Abu Laith al-Libi
Place of Birth: Libya;
Ali Ammar Ashur al-Rufayi, known as Abu Laith al-Libi, was a senior leader of the al-Qaeda movement in Afghanistan who appeared in several al-Qaeda videos. He was believed to have been active in the tribal regions of Waziristan. He also served as an al Qaeda spokesman. According to the Defense Intelligence Agency, he was an “expert in guerilla warfare.”
The Defense Intelligence Agency says he was born in 1963. In the 1980s he was one of the Afghan Arabs who came to Afghanistan to fight the Soviet Union during the Soviet–Afghan War.
He returned to Libya in 1994 and took part in a failed attempt to oust Muammar Gaddafi. In the wake of this attempt al-Libi escaped to Saudi Arabia, where he was imprisoned in Riyadh following the Khobar Towers bombing.
Sometime thereafter he was either released or managed to escape, and came to Afghanistan to collaborate with al-Qaeda and the Taliban. In 1997, a dispute between the two oldest brothers of the Canadian Khadr family, Abdullah and Abdurahman, was mediated by al-Libi, who earned their confidence and respect telling them about Dubai and Ferraris, and they later referred to him as a “really cool” person.
In 2002, he approached the father Ahmed Khadr about letting the 15-year-old Omar serve as a translator for some Arab “visitors” in the region. When a gun-battle resulted in the young translator being sent to Guantanamo Bay, al-Libi tried to placate the family with gifts and apologies, but Khadr remained furious and refused to associate with al-Libi, whom he blamed for not taking care of his son.
In May 2005 when Abu Faraj al-Libbi was captured in Pakistan, his identity was confused in many reports with Abu Laith al-Libi.
Al-Libi was seen in two online videos in 2007, the first of which called for the kidnapping of Westerners. The second claimed preparations were being made for war against Israel and the subsequent imposition of Islam in the world.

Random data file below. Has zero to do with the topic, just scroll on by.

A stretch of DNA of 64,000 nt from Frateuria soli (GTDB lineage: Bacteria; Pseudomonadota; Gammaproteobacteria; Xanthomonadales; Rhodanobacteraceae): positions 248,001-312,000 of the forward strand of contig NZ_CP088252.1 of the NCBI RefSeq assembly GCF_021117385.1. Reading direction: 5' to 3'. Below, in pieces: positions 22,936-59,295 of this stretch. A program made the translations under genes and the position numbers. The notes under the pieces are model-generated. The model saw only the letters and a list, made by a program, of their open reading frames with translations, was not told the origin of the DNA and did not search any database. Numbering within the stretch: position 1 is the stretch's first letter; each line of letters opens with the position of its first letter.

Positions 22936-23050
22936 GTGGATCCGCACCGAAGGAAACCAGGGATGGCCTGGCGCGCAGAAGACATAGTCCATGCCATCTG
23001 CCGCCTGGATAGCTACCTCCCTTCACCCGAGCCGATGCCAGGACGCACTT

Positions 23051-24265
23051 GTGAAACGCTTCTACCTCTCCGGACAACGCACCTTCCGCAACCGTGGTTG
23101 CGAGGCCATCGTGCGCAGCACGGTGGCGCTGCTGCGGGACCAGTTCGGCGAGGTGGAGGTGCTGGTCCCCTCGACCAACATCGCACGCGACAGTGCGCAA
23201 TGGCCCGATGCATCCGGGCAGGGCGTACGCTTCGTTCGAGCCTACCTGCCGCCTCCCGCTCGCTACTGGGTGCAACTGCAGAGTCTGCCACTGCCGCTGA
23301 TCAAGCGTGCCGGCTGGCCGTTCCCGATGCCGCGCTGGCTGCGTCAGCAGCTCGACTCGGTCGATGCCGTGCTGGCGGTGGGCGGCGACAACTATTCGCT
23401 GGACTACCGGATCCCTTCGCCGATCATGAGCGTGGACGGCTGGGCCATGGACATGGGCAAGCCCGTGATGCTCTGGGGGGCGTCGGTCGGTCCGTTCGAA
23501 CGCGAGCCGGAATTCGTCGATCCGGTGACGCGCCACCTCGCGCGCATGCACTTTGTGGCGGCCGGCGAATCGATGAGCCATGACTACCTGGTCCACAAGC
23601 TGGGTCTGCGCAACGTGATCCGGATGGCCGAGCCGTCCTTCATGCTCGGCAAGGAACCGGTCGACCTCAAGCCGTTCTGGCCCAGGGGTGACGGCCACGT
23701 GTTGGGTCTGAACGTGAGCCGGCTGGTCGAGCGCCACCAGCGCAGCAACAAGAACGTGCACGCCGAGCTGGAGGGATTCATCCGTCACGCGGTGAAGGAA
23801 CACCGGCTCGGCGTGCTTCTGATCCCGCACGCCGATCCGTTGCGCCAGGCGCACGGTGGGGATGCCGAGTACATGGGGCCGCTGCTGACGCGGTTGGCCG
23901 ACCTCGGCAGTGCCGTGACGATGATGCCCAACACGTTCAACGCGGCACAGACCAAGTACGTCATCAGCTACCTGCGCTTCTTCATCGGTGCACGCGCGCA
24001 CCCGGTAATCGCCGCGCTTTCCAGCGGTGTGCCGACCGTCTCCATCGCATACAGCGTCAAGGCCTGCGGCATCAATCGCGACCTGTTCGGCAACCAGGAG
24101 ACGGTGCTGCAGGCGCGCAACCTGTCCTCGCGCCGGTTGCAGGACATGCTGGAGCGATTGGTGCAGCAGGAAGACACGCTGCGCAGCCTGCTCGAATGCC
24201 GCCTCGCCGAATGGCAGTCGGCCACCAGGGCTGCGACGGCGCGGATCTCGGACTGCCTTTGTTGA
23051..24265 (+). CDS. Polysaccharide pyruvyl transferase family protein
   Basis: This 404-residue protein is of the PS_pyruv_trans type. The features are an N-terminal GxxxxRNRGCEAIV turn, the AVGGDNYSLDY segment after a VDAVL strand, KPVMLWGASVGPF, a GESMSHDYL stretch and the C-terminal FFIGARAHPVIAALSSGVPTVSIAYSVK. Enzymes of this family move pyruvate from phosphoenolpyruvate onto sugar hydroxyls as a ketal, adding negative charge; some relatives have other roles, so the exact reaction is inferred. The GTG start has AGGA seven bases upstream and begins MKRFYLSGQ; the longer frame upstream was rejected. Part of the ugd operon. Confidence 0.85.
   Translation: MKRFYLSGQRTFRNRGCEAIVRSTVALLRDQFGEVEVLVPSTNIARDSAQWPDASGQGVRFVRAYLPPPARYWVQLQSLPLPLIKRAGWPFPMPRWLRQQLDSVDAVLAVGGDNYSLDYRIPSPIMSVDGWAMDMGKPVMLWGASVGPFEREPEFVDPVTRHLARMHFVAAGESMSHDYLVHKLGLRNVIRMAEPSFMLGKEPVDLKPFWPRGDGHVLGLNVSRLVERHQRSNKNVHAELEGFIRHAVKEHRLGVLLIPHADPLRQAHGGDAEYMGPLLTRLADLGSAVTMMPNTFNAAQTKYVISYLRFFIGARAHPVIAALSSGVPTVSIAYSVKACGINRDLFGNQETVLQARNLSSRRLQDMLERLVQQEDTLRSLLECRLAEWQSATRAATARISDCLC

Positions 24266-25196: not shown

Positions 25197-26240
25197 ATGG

In February of that year he is said to have been involved in the Bagram Air Base bombing, which al-Qaeda claimed was an attempted assassination of U.S. Vice President Dick Cheney. In November 2007 he reported the merger of Libyan Islamic Fighting Group, a Libyan group waging jihad against Gaddafi, with al-Qaeda; this would be his last public appearance before his death.
On January 31, 2008, Abu Laith al-Libi was reported to have been killed by a targeted killing drone attack from an unmanned CIA Predator drone, either late Monday, January 28, or early Tuesday, January 29, 2008. CNN attributed reports of his death to a “knowledgeable western official”, and an “unnamed military source”.
MSNBC reported that some intelligence sources describe him as the number three leader of al Qaeda. On January 31, 2008 it was reported by the SITE Intelligence Group that he had been killed after a message appeared on Ekhlaas.org, an Islamist website.
Other members of al Qaeda’s cadre of leaders have been reported to have been killed by the airstrike that killed al Libi.
The Italian news source Adnkronos reported three other al Qaeda leaders were killed. They were Abu Obeida Tawari al-Obeidi, Abu Adel al-Kuwaiti and Abdel Ghaffar al-Darnawi.
The Kuwaiti news source Arab Times also reported Abu Adel al-Kuwaiti was killed in the airstrike, but it asserted he was a Saudi, in spite of his name. It reported the death in the airstrike of a second Saudi, named Tawari Rakhis Al-Mutairi, who had also lived in Kuwait for a long period of time.
Michael McConnell, the USA’s Director of National Intelligence, told members of the Senate Intelligence Committee. Turkistanis were among ten Al-Qaeda allies who were killed alongside Abu Sahil al-Libi and Abu Laith al-Libi.
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